Miss Canal Winchester Pageant is evolving

By Linda Dillman
Staff Writer

The Miss Canal Winchester Pageant is proceeding with a restructured event this year due to the ongoing pandemic and the news that the 2021 Labor Day Festival is cancelled for a second year in a row.

Following a year’s hiatus, the pageant will be held at David Lutheran Church on Aug. 21. The change was made to accommodate Governor Mike DeWine’s small gathering COVID restrictions.

In addition, casual wear modeling for junior and miss contestants will not be held and, only for 2021, graduating seniors are invited to register for the Miss category. Junior contestants are asked to wear dressy or tea-length dresses, but no floor-length formal gowns.

“In the past, there was a registration fee which is waived for this year because we want to include all girls in Canal Winchester,” said Miss Canal Winchester Director Melanie Boise. “COVID has been hard on everyone, but this is a time to come together as a community and support Canal Winchester events. We are encouraging the contestants to use the Community Closet for possible pageant dresses and accessories and the Chamber of Commerce is also helping us raise funding for the pageant.”

Boise said the success of the pageant is largely because all court members are heavily involved in service projects. They participate at Christmas in the Village, Art Stroll, Music and Art in the Park, Summer Movie Nights in the Village, Ring the Bell for Salvation Army, Shop Hop, Blues and Ribfest and other community events as requested. The court also travels to other festivals throughout the surrounding areas promoting Canal Winchester and inviting visitors to city festivals.

Held since 1962, according to Boise, the pageant has evolved into a strong, service-related organization. In prior years, contestants wore swim attire and the pageant was held at the community swimming pool. It was a traditional beauty pageant where girls were judged solely on physical appearance. The pageant also took place on a stage at the Labor Day Festival and in the Oley Speaks auditorium in the Canal Winchester Education Center.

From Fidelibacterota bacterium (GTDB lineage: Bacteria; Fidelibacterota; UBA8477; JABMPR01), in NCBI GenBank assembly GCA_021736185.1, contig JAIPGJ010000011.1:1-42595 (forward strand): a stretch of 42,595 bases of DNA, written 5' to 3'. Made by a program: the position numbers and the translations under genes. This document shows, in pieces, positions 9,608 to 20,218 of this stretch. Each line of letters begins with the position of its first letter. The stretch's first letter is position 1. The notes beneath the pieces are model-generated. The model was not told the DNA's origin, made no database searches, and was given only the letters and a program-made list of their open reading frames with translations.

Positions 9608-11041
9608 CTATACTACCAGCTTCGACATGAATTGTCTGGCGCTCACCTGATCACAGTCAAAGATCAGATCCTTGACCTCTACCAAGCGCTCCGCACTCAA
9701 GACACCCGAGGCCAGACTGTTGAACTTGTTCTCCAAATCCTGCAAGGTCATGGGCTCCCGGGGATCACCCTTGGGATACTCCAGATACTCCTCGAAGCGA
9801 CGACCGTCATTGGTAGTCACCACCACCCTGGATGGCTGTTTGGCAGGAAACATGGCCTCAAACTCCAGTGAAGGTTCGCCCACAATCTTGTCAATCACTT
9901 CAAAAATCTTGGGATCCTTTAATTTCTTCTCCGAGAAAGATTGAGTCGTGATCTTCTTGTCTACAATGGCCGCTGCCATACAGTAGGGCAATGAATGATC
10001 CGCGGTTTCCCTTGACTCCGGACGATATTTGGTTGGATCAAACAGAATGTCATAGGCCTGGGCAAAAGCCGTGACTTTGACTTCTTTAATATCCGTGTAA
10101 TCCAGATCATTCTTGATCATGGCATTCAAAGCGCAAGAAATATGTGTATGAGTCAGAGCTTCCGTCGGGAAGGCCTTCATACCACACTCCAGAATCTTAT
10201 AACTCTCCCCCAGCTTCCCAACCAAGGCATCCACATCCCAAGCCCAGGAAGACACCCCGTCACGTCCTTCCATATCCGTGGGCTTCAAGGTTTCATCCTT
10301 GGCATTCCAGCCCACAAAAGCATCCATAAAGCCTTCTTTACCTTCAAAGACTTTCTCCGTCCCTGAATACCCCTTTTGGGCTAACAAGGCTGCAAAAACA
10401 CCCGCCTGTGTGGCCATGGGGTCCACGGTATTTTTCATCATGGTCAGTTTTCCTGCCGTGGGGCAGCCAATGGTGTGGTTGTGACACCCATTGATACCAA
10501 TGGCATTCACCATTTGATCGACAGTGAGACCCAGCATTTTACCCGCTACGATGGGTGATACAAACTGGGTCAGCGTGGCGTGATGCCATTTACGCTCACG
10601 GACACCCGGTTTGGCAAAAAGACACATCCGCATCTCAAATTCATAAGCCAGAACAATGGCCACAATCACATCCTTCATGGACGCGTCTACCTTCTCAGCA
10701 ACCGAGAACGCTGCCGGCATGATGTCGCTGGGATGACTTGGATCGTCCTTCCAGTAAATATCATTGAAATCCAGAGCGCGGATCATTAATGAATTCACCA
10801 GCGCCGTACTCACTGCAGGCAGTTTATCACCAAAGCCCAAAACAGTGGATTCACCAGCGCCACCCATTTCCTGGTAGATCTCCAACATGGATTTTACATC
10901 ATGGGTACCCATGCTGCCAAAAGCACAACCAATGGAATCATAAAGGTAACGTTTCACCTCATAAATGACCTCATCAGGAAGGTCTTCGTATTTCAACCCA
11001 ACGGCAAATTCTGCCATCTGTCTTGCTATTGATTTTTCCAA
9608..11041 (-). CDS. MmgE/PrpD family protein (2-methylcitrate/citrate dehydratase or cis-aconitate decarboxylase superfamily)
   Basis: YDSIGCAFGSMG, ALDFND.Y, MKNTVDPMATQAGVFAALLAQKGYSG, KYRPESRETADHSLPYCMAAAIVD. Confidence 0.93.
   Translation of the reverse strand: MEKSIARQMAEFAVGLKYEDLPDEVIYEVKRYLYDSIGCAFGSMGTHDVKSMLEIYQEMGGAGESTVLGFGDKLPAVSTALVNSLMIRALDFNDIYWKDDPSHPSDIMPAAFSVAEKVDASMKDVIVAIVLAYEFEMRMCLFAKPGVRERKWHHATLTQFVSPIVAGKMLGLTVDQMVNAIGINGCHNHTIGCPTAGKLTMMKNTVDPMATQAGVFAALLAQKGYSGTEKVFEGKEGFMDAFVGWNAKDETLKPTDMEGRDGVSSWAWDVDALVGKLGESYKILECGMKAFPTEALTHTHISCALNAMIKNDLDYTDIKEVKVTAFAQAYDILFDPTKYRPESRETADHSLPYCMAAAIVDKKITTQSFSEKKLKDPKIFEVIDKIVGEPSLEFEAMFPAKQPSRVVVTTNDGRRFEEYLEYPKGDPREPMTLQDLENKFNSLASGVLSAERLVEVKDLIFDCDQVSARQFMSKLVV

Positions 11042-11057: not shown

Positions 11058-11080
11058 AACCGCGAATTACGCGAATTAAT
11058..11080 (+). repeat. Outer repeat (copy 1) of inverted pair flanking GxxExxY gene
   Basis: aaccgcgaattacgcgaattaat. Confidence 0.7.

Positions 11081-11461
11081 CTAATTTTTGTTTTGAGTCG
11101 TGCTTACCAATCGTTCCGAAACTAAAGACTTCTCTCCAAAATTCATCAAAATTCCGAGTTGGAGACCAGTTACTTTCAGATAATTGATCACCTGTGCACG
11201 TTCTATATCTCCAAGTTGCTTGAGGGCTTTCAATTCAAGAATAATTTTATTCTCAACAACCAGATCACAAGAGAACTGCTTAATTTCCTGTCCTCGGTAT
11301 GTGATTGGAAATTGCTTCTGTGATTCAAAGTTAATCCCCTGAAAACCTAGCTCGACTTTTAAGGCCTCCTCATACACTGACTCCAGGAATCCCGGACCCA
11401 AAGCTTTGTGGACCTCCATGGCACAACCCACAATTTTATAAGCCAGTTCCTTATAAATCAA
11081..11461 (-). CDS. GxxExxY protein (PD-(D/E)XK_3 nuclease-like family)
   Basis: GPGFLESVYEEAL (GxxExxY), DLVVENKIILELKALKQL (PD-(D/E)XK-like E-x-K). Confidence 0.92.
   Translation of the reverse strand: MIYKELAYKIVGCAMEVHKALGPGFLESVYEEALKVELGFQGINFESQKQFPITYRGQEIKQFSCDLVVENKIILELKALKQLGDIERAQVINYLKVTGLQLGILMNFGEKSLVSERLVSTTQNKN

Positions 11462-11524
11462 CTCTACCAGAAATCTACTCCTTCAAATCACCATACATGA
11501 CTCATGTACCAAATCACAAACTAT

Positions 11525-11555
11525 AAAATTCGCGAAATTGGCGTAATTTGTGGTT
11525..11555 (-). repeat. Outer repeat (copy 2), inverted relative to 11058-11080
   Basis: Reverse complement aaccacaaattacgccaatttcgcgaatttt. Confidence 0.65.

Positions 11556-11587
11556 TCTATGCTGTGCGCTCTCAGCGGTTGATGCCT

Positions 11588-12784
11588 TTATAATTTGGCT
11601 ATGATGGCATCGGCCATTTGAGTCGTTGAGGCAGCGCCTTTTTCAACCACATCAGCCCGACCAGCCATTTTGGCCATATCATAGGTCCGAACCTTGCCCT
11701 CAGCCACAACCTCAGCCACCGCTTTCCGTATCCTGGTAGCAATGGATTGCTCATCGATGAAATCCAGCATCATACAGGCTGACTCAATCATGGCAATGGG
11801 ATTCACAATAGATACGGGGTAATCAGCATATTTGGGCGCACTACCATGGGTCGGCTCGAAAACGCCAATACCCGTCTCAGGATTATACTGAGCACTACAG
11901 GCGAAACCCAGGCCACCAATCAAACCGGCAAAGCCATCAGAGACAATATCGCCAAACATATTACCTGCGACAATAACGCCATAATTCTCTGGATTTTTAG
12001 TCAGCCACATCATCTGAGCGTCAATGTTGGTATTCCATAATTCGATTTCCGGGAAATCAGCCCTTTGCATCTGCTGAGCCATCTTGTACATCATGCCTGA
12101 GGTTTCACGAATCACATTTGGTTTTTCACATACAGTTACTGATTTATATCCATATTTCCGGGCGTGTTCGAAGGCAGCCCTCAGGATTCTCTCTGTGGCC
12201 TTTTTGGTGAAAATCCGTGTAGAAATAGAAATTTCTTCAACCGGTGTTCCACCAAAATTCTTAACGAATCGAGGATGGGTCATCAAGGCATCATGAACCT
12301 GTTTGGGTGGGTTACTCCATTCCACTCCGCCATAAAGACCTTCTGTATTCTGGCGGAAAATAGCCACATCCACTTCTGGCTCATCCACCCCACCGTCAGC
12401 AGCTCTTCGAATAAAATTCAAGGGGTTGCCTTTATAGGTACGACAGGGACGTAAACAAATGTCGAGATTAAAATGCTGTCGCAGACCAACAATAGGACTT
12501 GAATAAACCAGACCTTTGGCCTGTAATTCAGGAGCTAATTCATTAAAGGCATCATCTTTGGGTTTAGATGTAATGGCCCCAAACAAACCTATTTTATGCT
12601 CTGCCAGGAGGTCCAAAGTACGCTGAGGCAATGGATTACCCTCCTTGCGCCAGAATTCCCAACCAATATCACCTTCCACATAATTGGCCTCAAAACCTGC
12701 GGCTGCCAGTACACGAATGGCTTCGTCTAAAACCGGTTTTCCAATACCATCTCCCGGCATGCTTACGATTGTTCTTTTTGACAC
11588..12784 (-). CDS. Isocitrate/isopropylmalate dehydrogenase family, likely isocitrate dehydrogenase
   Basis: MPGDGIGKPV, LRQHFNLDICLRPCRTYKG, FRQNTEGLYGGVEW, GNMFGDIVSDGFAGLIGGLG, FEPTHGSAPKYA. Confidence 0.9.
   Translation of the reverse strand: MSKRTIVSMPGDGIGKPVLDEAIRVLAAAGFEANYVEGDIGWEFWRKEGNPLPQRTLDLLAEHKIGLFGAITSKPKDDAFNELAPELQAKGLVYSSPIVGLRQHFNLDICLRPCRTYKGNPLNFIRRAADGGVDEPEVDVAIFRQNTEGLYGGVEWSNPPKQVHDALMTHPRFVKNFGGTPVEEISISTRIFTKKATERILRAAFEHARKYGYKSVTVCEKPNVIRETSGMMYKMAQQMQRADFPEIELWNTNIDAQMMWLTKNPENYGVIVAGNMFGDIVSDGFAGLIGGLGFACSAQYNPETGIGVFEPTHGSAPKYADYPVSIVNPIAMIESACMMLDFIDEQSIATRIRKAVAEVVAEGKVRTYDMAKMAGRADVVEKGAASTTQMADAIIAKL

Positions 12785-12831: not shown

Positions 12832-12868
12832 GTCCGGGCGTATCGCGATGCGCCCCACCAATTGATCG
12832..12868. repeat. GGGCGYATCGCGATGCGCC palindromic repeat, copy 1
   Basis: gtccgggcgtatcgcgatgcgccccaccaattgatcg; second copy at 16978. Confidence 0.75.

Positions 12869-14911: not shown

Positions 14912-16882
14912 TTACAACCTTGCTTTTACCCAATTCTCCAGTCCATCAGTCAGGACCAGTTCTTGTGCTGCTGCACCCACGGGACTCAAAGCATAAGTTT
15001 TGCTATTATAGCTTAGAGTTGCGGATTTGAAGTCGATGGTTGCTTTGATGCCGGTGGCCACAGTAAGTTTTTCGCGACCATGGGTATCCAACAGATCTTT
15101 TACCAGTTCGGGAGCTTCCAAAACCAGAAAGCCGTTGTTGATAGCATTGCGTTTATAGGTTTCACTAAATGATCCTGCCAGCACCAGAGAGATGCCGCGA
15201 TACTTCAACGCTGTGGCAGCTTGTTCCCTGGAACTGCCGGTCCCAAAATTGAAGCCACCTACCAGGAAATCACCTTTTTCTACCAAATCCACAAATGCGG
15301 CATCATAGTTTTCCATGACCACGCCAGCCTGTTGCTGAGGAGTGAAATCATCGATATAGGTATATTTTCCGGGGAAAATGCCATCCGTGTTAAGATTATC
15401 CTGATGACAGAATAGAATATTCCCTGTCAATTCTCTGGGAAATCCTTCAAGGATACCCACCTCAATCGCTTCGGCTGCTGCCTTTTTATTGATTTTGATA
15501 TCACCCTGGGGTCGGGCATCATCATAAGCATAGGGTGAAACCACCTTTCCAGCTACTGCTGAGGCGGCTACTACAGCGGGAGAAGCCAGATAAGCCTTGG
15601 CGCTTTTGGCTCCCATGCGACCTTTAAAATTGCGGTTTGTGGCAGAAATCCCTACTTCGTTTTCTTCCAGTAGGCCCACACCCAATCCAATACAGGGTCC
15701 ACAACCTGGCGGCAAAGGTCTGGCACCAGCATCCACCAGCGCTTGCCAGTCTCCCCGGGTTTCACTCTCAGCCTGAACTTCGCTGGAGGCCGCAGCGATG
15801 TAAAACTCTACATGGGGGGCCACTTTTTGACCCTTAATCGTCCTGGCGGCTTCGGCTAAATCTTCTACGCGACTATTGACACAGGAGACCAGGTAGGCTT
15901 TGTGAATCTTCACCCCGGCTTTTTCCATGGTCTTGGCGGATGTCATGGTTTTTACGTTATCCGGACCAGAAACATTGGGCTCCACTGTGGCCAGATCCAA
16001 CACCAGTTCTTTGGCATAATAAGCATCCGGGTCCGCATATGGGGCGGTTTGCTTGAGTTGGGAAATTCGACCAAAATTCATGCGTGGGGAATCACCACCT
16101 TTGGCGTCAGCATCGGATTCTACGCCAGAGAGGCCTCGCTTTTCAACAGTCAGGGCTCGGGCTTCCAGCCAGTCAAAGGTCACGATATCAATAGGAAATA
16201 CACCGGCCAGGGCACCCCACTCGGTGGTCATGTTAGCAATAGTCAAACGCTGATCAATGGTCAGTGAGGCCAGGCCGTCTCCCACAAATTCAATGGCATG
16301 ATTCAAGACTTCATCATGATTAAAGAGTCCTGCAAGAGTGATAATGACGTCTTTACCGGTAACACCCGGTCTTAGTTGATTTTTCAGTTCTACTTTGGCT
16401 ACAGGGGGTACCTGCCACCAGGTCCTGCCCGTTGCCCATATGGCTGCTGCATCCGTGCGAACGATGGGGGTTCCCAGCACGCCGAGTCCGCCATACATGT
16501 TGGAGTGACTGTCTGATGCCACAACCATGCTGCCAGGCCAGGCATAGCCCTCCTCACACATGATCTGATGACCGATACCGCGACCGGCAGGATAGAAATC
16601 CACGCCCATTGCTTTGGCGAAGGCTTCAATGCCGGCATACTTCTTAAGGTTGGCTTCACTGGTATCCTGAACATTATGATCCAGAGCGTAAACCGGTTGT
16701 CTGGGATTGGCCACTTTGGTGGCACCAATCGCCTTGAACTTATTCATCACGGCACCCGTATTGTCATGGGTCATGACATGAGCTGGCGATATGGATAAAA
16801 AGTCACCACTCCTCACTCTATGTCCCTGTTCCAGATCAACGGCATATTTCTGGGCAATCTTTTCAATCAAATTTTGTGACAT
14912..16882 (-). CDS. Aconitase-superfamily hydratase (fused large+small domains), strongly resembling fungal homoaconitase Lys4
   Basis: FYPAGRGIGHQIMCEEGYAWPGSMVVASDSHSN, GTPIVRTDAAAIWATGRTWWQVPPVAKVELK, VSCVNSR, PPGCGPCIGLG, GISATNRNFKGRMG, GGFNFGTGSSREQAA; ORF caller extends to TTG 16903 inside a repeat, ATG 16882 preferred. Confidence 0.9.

Today, younger girls wear dresses and are judged on personality and public speaking ability. Older contestants are also judged on personality and public speaking ability, as well as personal character attributes as displayed through interviews, submitted essays and reference letters.

“When girls participate in the pageant, I’ve heard many parents have told me how much it increased their daughter’s confidence, especially when speaking to an audience,” said Boise. “The most important fact about our group is that we are a service-related organization. The young ladies in the Miss Canal Winchester court learn how to serve our community and enjoy participating in the events that are offered.”

According to Boise, in 2018 the pageant became The Miss Canal Winchester Pageant—A Community Scholarship Pageant. In 2018 and 2019, contestants asked community members for a donation towards a scholarship for high school contestants.

The pageant was previously known as the Miss Canal Winchester Peggy Wood Scholarship Pageant with post-secondary scholarships awarded to the winners. In 2017, the Peggy Wood Foundation opened up the scholarship program to graduating seniors from Canal Winchester.

“In 2021, we are proud to have Pat and Cindi Lynch sponsor the college scholarship,” said Boise. “Our numbers have steadily increased over the years because our community doesn’t see them as traditional beauty pageant contestants. We’re getting away from that stigma. In the past three years, we’ve had 50 to 60 contestants in total.”

Cindi Lynch said as the community has changed, so is the Labor Day Queen’s Scholarship pageant evolving.

“As a teenage single mother, I understand the importance of education as well as helping all girls succeed regardless of their economic states. The skills given to our Canal Winchester girls through this pageant is fantastic,” said Lynch. “Both our granddaughters have participated. Neither of them won, but they learned to lose gracefully and congratulate the other winners. They learned confidence skills and public speaking. This pageant is not a beauty pageant—it’s scholarship. The foresight in this from the Woods Family is great and appreciated.”

There are four different categories: Tiny Miss, grades K-2; Little Miss grades 3-5; Junior Miss, grades six through eight and Miss Canal Winchester, grades 9-12. In each category there is a queen and three attendants.

In the Miss Canal Winchester category, there is also a Miss Congeniality position which is voted on by fellow contestants. In total, there could be as many as 16 to 17 girls on the court.

An informational video is being released on May 15 that outlines all the details of the pageant process.

On Aug. 7, there is an annual “Meet the Pageant Contestants/School Supply Drive” at Stradley Park, 9 a.m. to noon, where community members can stop by to visit with the girls and donate school supplies. Following that, a Pageant Bootcamp is scheduled.

“Amanda Lemke volunteered to help the older girls with interview skills, manners, etiquette and how to present yourself in an interview,” said Boise. “Mikayla Brown, 2012 Miss Canal Winchester, will be working with the Tiny and Little group with walking on stage, making eye contact and practicing speaking in public.”

Visit www.misscwpageant.org.

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